UPDATE: Ex-DA's law license suspended in sexting scandal

In its decision, the justices called Kratz’s actions “boorish” and “appalling.”

“Attorney Kratz’s conduct toward S.V.G. was appalling. Through a series of wheedling text messages, Attorney Kratz attempted to convince S.V.G., a domestic abuse crime victim and witness, to enter into a sexual relationship with him while he was prosecuting the perpetrator of the domestic crime. S.V.G. felt leveraged by Attorney Kratz’s sexual entreaties; she feared that if she failed to respond to him, he might take action in her domestic abuse case that could potentially adversely affect her. This was exploitative behavior, harassing behavior, and a crass placement of his personal interests above those of his client, the State of Wisconsin,” the court wrote.

“In short, whatever his qualities and accomplishments as a lawyer, Attorney Kratz proved himself during the period in question to be sanctionably sophomoric,” it added.

 

In a statement Friday, Kratz said:

“Surprisingly, the disclosure of my unhealthy lifestyle and disrespectful past behaviors has turned out to be the single best thing that has ever happened to me. Despite having lost my 25-year prosecution career, my wife, my house, my life-savings and my reputation, the opportunity I have been given to change my life, and recover from my addictive past, has been remarkable.

“Helping clients and other attorneys who suffer with addiction every day has been the most rewarding part of my 4-year recovery journey, and I look forward to sharing my story of loss, accountability, recovery, and redemption with whoever cares to listen."

UPDATED Friday, June 6, 2014 --- 9:08 a.m.

MADISON, Wis. (AP) -- The Wisconsin Supreme Court has suspended for four months the law license of a former prosecutor accused of sexual harassment.

Former Calumet County district attorney Ken Kratz tried to spark a relationship with a 25-year-old woman with a series of racy text messages in 2009 while he was prosecuting her ex-boyfriend for domestic abuse. More women then came forward and accused him of making sexual comments to them.

Kratz subsequently resigned and filed for bankruptcy.

The Wisconsin Supreme Court announced the suspension Friday, calling Kratz's actions "sophomoric."

The Office of Lawyer Regulation had recommended Kratz's license be suspended for six months. A referee recommended a four-month suspension. Kratz argued he had suffered enough and deserved to keep his license.

Copyright 2014: Associated Press

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UPDATED Friday, June 6, 2014 --- 8:29 a.m.

MADISON, Wis. (AP) -- A former Calumet County district attorney accused of sexual harassment will lose his law license for four months.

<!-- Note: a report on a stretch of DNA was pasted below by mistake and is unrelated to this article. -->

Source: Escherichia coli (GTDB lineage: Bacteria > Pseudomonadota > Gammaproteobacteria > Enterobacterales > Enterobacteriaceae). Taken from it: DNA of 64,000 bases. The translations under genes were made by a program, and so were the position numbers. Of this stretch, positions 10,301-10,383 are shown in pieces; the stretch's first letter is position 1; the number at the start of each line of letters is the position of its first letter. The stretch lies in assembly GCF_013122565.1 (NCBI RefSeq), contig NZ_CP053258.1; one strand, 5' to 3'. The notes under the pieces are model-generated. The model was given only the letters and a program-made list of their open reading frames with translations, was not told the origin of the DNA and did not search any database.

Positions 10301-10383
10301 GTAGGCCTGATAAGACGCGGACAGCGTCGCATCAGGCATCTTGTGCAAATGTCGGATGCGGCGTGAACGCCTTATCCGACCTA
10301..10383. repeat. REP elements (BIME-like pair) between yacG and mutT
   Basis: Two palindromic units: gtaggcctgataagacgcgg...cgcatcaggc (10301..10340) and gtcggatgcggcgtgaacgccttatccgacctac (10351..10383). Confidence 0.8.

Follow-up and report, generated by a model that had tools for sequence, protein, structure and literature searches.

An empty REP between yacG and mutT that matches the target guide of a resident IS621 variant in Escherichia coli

The Wisconsin Supreme Court made the announcement Friday and called Ken Kratz's actions "sophomoric."

The state Office of Lawyer Regulation has recommended the court suspend Kratz's license for six months. A referee handling the case recommended a four-month suspension.

Kratz was Calumet County's top prosecutor in 2010 when The Associated Press reported he tried to spark a relationship with a 25-year-old woman with a series of racy text messages in 2009 while he was prosecuting her ex-boyfriend for domestic abuse. More women then came forward and accused him of making sexual comments to them.

Kratz ultimately resigned and later filed for bankruptcy. Kratz did not immediately return a call for comment left at his law office.

Copyright 2014: Associated Press

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Posted: Friday, June 6, 2014 --- 5:40 a.m.

MADISON, Wis. (AP) -- A former prosecutor accused of sexual harassment is about to learn whether he can keep practicing law in Wisconsin.

The state Office of Lawyer Regulation has recommended the state Supreme Court suspend Ken Kratz's law license for six months. A referee handling the case has recommended a four-month suspension. Kratz has argued he's suffered enough and he deserves to keep his license.

Kratz was serving as Calumet County's district attorney in 2010 when The Associated Press reported he tried to spark a relationship with a 25-year-old woman through a barrage of racy text messages in 2009 while he was prosecuting her ex-boyfriend for domestic abuse. More women then came forward and accused him of making sexual comments to them.

Kratz ultimately resigned and later filed for bankruptcy.

Copyright 2014: Associated Press


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